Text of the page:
Perfect Musical Pairing

Marvin Gaye and Tammy Terrell – Ain’t No Mountain High Enough

At around page 86, I really thought this book was going in a certain direction, which immediately brought to mind a Marvin Gaye hit that I love. But then Aguirre went in a completely different direction, and I can’t say that I was sorry about that. It’s hard to let go of Marvin once I’ve got him in mind though…. Luckily I am a huge fan and I could probably find a way to fit every book this month with a Marvin Gaye song. This one is just right. “Ain’t no Ithtorian mining prison secure enough…”
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Reading Progress

09/07/2011 page 23
7.0% "Recap? Aren't we past all that Sirantha? No need for introductions...just get to the good stuff!" 3 comments
09/09/2011 page 83
26.0% ""There are no words for how much I hate this plan." Haha, oh March. You poor bastard." 3 comments
07/13/2016 marked as: read
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Comments (showing 1-15 of 15) (15 new)

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Maja (The Nocturnal Library) Careful, Catie. You might find yourself attracted to an Ithtorian bounty hunter. :D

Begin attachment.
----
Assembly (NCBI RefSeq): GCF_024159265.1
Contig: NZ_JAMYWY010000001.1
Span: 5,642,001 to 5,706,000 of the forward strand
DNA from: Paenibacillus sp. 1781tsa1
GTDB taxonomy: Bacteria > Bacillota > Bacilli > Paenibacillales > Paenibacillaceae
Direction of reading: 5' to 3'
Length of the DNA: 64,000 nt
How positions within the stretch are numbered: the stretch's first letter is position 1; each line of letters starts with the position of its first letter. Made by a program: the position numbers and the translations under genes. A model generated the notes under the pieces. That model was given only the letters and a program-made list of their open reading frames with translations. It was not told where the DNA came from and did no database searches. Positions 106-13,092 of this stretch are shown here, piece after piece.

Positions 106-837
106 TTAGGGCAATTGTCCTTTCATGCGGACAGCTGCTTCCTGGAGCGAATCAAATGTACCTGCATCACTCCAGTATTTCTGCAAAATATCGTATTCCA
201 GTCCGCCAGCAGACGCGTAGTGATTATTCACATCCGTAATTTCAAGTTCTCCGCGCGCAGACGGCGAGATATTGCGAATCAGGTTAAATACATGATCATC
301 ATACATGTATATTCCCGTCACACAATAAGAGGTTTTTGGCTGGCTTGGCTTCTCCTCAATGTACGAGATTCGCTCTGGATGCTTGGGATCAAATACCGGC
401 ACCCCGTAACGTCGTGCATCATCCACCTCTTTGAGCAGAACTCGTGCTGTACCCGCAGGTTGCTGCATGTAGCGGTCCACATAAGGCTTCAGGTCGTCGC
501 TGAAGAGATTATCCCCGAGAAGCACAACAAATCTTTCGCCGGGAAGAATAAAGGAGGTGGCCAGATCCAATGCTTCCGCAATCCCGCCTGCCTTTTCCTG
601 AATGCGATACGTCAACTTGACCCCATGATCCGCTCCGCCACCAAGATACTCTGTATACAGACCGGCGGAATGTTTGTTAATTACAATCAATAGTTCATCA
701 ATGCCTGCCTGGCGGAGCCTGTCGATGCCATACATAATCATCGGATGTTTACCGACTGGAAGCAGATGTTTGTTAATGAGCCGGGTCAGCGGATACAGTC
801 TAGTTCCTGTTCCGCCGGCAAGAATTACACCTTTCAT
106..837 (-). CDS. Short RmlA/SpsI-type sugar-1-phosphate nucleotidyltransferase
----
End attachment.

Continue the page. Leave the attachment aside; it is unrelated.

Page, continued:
Catie Oh I already am. I think he's my favorite character!

Maja (The Nocturnal Library) Yey, you liked it!

Catie OMG, Maja, yes!!! It was great!! My favorite book in the series so far.

Maja (The Nocturnal Library) You'll love the the other two as well, then, especially Aftermath! :)

Catie Yay! I am very excited to keep going.

BTW, that other song that I had picked out...sooooo doesn't apply. Must come up with something else now. :)

Maja (The Nocturnal Library) What was it? Since you obviously aren't going to use it. :D

I sometimes have to take a break between Aguirre's books or even while reading one. She does angst so well that it can be quite exhausting.

Catie This.

But, you can see that...where I was in the seemed like it was going that way.

I'm glad that she didn't!

Maja (The Nocturnal Library) Haha, how do you think of these songs? :D
No, she's much braver than that, and she'll keep surprising you, I think. I love some of the choices she's made and I really love how Jax has changed. AND I have a crush on Vel.

Catie Yeah, I love that about this series. It's not predictable. I love being surprised.

And I completely agree about Vel. When he says, "I am with you to the end" that really got to me. He's such a great character.

(view spoiler)

Maja (The Nocturnal Library) Yeah, that was a surprise. Hit is a great character, though, she is SO interesting. In Aftermath, you get to know a little more about her being raised as an assassin.

Catie Great! I love her with Dina.

Also, I think that Aguirre had a lot of fun with the saying, "she could kill you with her little finger." LOL!

Maja (The Nocturnal Library) For us voracious genre-fiction readers, originality is worth its weight in Book Depository gift cards.

And for this, I offer you my most eloquent wa.

Catie Brown bird acknowledges white wave's superior taste in literature.